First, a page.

Want to collaborate on cyber? Just ask, city officials say
One of the biggest stumbling blocks local governments face in developing better cybersecurity collaborations with their states, panelists said during an online conference Thursday, may also be one of the simplest to overcome.
Speaking during an event hosted by the Computing Technology Industry Association’s Public Technology Institute, city and state IT officials said the first thing cities can, but don’t always, do is pick up the phone and ask for help, even if it takes a few tries.
“You’ve got to be persistent,” said Bernie Acre, the chief information officer for Bryan, Texas. “We all get locked into the resource conversation. Sooner or later, you’ve got to find someone that has the desire to help.”
Acre said when he started his job with the 76,000-resident city in 2013, cybersecurity was a back-burner issue. Nowadays, he said, it can often account for 80% of his workload, but support from the state government wasn’t always there.
“Our folks at Texas [Department of Information Resources] didn’t even think about us or know we were out there,” he said.
Yet in the last few years, Acre continued, DIR has stepped up the support it provides local governments, including mandatory cyber hygiene trainings for all state and local employees, leading responses to incidents — such as the August 2019 ransomware attack against a managed service provider that affected 23 communities — and forming a cybersecurity council, on which he currently sits.
“We’ve come really far,” he said. “It’s just persistence.”
Franklin County, Ohio, CIO Adam Frumkin, who moderated the discussion, said initiating these partnerships is also a matter of knowing who to call. He said when he started developing incident response plans, he reached out to the Ohio National Guard, which has a robust cybersecurity unit, and also roped in his county’s emergency management agency and other stakeholders.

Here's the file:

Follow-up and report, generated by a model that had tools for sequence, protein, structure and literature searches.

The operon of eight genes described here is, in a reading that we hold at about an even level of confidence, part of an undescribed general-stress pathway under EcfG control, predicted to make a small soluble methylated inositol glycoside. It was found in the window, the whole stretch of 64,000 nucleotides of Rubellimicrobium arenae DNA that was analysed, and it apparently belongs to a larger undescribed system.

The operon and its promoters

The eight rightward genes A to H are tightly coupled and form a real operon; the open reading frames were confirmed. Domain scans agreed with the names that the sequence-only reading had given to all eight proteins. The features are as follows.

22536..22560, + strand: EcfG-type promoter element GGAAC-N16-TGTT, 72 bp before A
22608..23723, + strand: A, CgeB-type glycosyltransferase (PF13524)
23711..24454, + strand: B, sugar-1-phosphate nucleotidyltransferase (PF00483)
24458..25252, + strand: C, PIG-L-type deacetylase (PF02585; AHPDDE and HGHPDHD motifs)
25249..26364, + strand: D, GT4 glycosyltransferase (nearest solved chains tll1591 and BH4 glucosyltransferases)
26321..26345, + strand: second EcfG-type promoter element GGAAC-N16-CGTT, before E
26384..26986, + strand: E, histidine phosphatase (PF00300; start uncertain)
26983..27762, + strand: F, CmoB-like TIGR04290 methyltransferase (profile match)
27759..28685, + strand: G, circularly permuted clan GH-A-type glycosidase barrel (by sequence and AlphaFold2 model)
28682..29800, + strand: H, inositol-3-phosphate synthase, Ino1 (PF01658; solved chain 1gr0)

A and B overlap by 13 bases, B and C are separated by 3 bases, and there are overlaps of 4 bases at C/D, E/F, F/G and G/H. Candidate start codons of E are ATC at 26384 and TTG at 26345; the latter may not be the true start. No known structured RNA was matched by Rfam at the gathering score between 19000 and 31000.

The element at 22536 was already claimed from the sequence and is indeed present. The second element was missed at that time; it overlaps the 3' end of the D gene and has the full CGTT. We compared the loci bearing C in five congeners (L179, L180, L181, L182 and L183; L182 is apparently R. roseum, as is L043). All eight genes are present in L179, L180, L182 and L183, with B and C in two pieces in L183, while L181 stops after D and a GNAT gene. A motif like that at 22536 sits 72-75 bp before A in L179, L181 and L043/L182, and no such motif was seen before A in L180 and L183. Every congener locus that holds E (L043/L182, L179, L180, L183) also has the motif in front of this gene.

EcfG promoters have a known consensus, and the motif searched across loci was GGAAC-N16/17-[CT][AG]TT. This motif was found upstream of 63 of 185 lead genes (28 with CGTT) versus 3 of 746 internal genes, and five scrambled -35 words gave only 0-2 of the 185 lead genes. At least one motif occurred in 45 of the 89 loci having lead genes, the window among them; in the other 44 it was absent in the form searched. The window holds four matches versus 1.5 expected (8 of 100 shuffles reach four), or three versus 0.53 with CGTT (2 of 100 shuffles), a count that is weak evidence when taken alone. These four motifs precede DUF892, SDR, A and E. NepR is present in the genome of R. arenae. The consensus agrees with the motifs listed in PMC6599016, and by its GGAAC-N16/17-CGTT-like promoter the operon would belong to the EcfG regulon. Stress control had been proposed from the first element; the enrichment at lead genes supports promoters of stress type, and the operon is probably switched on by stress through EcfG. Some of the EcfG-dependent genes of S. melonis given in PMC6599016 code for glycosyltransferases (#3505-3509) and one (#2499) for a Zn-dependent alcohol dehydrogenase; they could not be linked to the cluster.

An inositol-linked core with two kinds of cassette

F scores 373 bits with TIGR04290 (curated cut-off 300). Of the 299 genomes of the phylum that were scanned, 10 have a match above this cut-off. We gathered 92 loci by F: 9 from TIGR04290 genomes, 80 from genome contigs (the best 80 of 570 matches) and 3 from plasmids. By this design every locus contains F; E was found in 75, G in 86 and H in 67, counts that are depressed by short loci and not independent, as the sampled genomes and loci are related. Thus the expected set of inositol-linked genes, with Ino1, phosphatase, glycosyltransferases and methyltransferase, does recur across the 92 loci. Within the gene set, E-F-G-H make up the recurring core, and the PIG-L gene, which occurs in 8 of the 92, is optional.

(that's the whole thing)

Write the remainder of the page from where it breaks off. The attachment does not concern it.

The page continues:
But cities and counties should also seek out each other for assistance and guidance, the speakers said.
“You’ve got to share with your peer group around the state,” Acre said, with Frumkin adding that those communications are vital, “even if it’s reaching out to the next city or next county or next state.”
Andy Brush, who leads cybersecurity partnerships for the Michigan Department of Technology, Management and Budget, recalled living through that kind of experience in his previous role as the IT manager for Washtenaw County, Michigan, which was one of 13 local governments that collaborated on a “CISO-as-a-service” program that pooled cybersecurity management among its participants.
One of the biggest driving factors behind the program, Brush admitted, is that smaller local governments don’t necessarily have the best grasp on their own cyber risks.
“We actually sucked at assessing ourselves,” he said.
One area where cities and counties can get better, Brush said, is by adopting and sticking two a common framework, like the one offered by the Center for Internet Security, the nonprofit that runs the Multi-State Information Sharing and Analysis Center.
“Something we’re focusing on is strengthening CIS controls as a framework,” Brush said. “It’s a good place to start for local entities that haven’t gotten in the game. If you pick one and stick with it, you’re going to be speaking a common language.”